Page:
Israelis have mixed feelings about ‘the newcomer’
President-elect Obama’s plan for Israel comes under question
While President-elect Barack Obama said he intends to keep Israel’s security a priority, some Israelis think Obama lacks a clear plan to establish peace between Israel and Palestine.
Maurice Roumani, a visiting professor of political science and the Middle East, said there are mixed feelings among Israelis about Obama.
“There are those that say he’s a newcomer, he doesn’t have experience,” he said. “On the other hand, he’s also regarded as a newcomer with new ideas. His appeal is taken by different groups in different ways.”
Roumani said Israelis are largely waiting to see what kind of foreign policy an Obama administration will enact. He said until he knows exactly how Obama will govern, it will be difficult to determine his foreign policy approach in the Middle East.
“Israelis are pragmatic,” Roumani said. “They would like to see what’s going to be in the field. Not theory, but facts on the ground.”
Roumani said achieving Obama’s goal to foster peace between Israelis and Palestinians will depend on whether or not the next administration makes an effort to understand the area’s cultural history.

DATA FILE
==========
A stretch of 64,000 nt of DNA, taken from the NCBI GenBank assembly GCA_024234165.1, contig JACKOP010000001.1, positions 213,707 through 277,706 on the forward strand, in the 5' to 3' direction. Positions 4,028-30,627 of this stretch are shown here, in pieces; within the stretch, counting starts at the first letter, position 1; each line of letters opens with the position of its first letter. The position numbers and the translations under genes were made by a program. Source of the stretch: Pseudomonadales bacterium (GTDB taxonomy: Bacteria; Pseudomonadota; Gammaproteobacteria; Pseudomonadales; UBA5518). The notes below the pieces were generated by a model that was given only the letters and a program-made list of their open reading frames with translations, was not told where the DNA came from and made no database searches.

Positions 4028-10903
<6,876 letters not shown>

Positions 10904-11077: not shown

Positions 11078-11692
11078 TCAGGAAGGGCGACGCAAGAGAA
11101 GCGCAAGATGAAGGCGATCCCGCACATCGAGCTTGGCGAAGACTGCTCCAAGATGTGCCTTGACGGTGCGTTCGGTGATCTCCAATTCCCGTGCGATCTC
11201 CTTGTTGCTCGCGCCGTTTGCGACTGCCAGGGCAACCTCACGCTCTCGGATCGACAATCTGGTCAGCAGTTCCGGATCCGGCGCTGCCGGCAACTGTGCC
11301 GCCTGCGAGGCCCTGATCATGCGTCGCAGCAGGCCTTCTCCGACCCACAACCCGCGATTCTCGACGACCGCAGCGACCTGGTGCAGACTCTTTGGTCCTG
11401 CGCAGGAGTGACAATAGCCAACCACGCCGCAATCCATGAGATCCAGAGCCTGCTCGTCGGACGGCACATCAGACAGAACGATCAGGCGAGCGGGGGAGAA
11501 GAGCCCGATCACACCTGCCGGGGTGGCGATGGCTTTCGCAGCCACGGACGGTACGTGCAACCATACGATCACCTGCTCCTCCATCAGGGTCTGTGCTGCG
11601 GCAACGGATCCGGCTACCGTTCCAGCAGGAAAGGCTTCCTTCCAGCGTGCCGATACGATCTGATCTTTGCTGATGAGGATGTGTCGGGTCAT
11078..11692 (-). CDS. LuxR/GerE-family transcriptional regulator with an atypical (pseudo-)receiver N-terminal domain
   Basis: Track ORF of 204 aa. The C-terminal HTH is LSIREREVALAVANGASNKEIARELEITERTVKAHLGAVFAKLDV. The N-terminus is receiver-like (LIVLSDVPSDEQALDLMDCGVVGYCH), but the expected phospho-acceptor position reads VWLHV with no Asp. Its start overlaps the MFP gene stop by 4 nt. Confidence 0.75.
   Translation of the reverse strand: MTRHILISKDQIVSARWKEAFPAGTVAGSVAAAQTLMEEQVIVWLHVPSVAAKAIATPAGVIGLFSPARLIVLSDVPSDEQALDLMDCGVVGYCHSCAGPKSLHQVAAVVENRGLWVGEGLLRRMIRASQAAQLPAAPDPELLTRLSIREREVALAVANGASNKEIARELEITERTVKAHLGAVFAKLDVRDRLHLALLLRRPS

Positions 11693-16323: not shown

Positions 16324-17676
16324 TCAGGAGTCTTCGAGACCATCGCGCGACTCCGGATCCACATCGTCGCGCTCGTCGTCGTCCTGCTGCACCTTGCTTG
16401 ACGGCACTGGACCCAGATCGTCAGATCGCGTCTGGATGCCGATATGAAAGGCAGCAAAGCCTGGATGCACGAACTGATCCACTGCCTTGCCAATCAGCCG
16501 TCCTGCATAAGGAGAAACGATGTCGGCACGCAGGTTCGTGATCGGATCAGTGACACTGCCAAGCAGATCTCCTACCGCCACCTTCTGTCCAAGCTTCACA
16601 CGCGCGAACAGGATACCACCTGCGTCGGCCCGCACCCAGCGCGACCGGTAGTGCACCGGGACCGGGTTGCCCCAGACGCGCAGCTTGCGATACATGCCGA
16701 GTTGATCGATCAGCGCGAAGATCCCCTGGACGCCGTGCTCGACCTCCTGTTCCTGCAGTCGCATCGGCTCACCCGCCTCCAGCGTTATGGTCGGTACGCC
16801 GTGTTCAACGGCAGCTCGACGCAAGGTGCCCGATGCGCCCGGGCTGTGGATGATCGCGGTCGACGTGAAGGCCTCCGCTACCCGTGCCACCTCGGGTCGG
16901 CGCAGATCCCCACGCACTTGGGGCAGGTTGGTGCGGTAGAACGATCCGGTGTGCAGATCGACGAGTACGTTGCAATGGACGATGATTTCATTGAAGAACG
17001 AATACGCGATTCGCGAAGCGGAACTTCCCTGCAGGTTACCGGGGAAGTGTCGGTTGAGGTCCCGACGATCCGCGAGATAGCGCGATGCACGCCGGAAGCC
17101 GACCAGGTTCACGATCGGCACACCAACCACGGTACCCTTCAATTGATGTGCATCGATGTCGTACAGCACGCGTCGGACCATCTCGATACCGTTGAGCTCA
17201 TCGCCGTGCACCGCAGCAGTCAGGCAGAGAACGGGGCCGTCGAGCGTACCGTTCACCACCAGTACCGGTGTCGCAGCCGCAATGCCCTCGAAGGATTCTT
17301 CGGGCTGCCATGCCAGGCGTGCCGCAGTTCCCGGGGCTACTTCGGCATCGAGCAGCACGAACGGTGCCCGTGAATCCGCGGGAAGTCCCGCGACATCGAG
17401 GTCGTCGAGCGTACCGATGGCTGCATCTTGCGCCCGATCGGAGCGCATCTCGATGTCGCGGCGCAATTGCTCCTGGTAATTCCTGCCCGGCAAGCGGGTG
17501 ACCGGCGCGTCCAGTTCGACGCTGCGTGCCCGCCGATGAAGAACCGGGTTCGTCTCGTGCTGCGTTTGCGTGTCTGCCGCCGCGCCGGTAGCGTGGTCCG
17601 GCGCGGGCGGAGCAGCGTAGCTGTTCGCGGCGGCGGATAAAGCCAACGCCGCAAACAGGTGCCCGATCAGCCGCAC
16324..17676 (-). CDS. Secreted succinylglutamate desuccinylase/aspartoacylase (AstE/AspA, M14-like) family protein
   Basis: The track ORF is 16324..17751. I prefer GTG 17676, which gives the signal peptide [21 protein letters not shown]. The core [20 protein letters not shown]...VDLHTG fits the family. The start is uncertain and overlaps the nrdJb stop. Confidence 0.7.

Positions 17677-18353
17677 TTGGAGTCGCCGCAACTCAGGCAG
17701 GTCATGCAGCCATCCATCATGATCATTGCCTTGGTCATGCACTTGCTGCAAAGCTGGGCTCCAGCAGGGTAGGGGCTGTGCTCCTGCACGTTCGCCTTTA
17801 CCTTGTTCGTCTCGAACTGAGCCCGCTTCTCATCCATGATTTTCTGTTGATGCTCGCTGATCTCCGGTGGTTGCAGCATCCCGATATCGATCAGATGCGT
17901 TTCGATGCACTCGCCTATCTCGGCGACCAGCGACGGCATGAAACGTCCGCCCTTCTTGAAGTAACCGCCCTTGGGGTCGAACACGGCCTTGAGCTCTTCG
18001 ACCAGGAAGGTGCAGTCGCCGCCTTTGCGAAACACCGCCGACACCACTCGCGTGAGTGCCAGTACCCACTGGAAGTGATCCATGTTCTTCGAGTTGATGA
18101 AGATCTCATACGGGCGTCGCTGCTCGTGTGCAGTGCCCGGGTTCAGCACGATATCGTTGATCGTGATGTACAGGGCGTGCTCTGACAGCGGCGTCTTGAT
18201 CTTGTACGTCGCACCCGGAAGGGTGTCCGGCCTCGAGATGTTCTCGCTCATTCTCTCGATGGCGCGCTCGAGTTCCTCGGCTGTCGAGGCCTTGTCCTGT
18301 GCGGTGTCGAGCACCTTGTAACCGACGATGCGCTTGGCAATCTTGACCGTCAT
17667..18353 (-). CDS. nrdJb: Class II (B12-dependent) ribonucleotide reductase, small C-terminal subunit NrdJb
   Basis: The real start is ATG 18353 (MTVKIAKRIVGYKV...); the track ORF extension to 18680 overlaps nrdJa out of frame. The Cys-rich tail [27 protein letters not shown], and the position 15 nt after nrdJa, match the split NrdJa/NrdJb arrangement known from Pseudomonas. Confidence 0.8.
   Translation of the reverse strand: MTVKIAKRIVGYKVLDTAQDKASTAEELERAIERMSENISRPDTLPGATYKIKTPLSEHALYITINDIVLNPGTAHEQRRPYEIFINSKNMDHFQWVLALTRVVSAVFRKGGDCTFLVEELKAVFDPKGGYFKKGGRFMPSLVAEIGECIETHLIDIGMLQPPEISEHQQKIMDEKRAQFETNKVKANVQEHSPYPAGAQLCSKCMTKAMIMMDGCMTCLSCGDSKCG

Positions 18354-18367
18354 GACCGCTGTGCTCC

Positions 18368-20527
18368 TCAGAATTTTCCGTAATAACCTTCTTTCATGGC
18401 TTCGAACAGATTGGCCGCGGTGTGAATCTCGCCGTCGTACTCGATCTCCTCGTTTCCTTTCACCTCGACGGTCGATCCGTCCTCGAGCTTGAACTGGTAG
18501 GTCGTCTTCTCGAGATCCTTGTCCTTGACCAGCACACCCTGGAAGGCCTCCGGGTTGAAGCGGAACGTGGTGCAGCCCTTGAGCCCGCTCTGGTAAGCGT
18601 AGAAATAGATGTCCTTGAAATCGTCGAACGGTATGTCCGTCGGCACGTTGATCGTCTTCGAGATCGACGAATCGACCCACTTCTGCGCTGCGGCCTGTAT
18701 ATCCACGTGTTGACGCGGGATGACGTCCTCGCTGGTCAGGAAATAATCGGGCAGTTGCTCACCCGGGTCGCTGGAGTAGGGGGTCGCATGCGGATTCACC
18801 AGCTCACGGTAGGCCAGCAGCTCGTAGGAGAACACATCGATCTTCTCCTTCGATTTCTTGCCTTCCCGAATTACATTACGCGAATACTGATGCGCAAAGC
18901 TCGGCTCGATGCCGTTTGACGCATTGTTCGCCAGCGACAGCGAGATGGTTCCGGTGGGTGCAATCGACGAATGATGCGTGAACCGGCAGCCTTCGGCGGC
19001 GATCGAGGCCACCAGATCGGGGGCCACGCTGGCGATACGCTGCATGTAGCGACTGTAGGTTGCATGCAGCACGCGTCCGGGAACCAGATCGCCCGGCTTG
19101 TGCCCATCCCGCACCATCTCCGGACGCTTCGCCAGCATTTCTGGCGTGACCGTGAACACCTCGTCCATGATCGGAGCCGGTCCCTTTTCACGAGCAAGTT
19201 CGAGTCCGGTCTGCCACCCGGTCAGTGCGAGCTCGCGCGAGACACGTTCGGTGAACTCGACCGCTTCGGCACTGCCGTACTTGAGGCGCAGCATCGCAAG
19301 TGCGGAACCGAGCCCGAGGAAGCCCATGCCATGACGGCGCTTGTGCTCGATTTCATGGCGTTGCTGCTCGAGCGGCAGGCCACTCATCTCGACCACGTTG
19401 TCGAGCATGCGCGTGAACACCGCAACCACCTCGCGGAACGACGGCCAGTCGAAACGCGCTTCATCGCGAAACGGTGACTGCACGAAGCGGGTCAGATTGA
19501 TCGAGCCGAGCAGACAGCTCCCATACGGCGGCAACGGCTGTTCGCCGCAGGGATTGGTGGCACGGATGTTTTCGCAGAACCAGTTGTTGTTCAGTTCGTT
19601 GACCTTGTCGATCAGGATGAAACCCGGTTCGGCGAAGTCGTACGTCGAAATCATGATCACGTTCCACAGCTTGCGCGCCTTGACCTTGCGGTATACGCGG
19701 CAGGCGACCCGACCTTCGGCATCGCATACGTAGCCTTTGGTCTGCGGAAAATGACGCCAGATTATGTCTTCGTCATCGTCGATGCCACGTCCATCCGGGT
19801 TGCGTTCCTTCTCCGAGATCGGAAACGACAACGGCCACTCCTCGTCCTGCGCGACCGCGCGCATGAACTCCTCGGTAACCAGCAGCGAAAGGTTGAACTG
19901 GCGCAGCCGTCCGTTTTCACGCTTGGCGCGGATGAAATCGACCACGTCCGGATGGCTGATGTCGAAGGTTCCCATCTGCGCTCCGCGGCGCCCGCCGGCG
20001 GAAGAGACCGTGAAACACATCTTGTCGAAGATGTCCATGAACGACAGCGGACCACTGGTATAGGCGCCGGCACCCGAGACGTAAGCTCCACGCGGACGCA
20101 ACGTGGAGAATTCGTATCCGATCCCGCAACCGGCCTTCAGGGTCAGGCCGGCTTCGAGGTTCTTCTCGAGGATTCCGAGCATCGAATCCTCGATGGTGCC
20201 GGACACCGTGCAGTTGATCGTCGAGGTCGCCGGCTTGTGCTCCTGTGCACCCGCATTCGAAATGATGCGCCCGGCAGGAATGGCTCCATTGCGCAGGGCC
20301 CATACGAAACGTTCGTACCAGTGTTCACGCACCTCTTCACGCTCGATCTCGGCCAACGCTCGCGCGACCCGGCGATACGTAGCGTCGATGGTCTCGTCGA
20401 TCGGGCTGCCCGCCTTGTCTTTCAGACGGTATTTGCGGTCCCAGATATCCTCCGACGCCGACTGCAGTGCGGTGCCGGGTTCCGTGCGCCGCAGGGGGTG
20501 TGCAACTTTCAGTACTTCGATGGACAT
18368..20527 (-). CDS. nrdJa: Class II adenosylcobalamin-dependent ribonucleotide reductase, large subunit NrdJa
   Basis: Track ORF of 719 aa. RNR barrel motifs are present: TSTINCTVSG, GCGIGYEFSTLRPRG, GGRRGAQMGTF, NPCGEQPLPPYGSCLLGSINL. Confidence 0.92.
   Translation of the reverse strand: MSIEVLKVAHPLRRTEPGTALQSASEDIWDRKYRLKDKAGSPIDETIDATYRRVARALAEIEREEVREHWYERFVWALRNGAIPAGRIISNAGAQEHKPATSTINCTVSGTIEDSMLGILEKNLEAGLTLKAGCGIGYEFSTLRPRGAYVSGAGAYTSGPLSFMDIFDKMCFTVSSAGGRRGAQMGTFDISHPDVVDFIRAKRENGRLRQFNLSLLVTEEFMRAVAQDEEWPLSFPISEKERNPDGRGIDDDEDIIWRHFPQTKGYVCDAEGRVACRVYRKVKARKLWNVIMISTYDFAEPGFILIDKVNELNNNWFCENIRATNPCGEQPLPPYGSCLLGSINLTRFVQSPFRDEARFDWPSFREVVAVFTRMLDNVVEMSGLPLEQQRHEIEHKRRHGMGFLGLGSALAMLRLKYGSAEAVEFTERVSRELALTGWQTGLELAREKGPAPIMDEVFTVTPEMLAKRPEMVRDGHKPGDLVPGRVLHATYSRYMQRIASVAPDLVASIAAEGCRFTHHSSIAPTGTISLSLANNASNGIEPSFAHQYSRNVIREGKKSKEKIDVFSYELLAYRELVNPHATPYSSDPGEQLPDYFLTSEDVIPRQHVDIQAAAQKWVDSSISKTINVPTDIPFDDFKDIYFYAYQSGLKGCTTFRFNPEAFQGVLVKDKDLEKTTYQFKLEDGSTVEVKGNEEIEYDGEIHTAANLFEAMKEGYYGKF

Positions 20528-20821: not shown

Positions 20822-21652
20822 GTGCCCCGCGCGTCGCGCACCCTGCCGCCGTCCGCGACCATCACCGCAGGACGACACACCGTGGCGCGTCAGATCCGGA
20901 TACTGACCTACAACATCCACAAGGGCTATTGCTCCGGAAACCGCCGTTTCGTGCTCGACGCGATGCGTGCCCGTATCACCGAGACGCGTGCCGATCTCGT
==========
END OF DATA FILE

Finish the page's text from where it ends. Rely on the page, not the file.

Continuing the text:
“The Americans have always been naïve about the Middle East and understanding the mechanisms of the system, both human and governmental systems, and how they work,” he said.
International business junior Daniel Reches, a dual-citizen of the U.S. and Israel, said it will be difficult to predict how Obama’s election will affect Israel until Israel elects a new leader in February.
“You have an American president-elect who is very pro-Israel like Barack Obama, and at the same time, [Israel] is not sure what direction it will take in terms of foreign policy,” said Reches, political activities coordinator for Sooners for Israel.
Reches said that of the two viable candidates in the upcoming Israeli election, Tzipi Livni and Benjamin Netanyahu, Livni’s approach to foreign affairs is comparable to that of Obama.
“Tzipi Livni supports a more direct dialogue, something more down the line of what Obama would like to see,” he said. “On the other hand, Benjamin Netanyahu favors a much stronger, much more assertive and dominate foreign policy, which is less down Obama’s alley.”
Netanyahu’s more conservative Likud party is currently ahead, according to two recent Israeli newspaper polls.
Reches said he thinks Obama will strengthen the U.S. government’s alliance with Israel based on Obama’s votes in the Senate, as well as his cabinet appointments, such as Sen. Hillary Clinton, D-N.Y., who is expected to be appointed Secretary of State today.
Reches said he supports Clinton’s possible appointment to Secretary of State because of her positive stance on Israel.
“I think Obama and his administration will definitely support the Israeli people’s ability and right to determine their own future as it comes to diplomatic and foreign policy issues,” Reches said.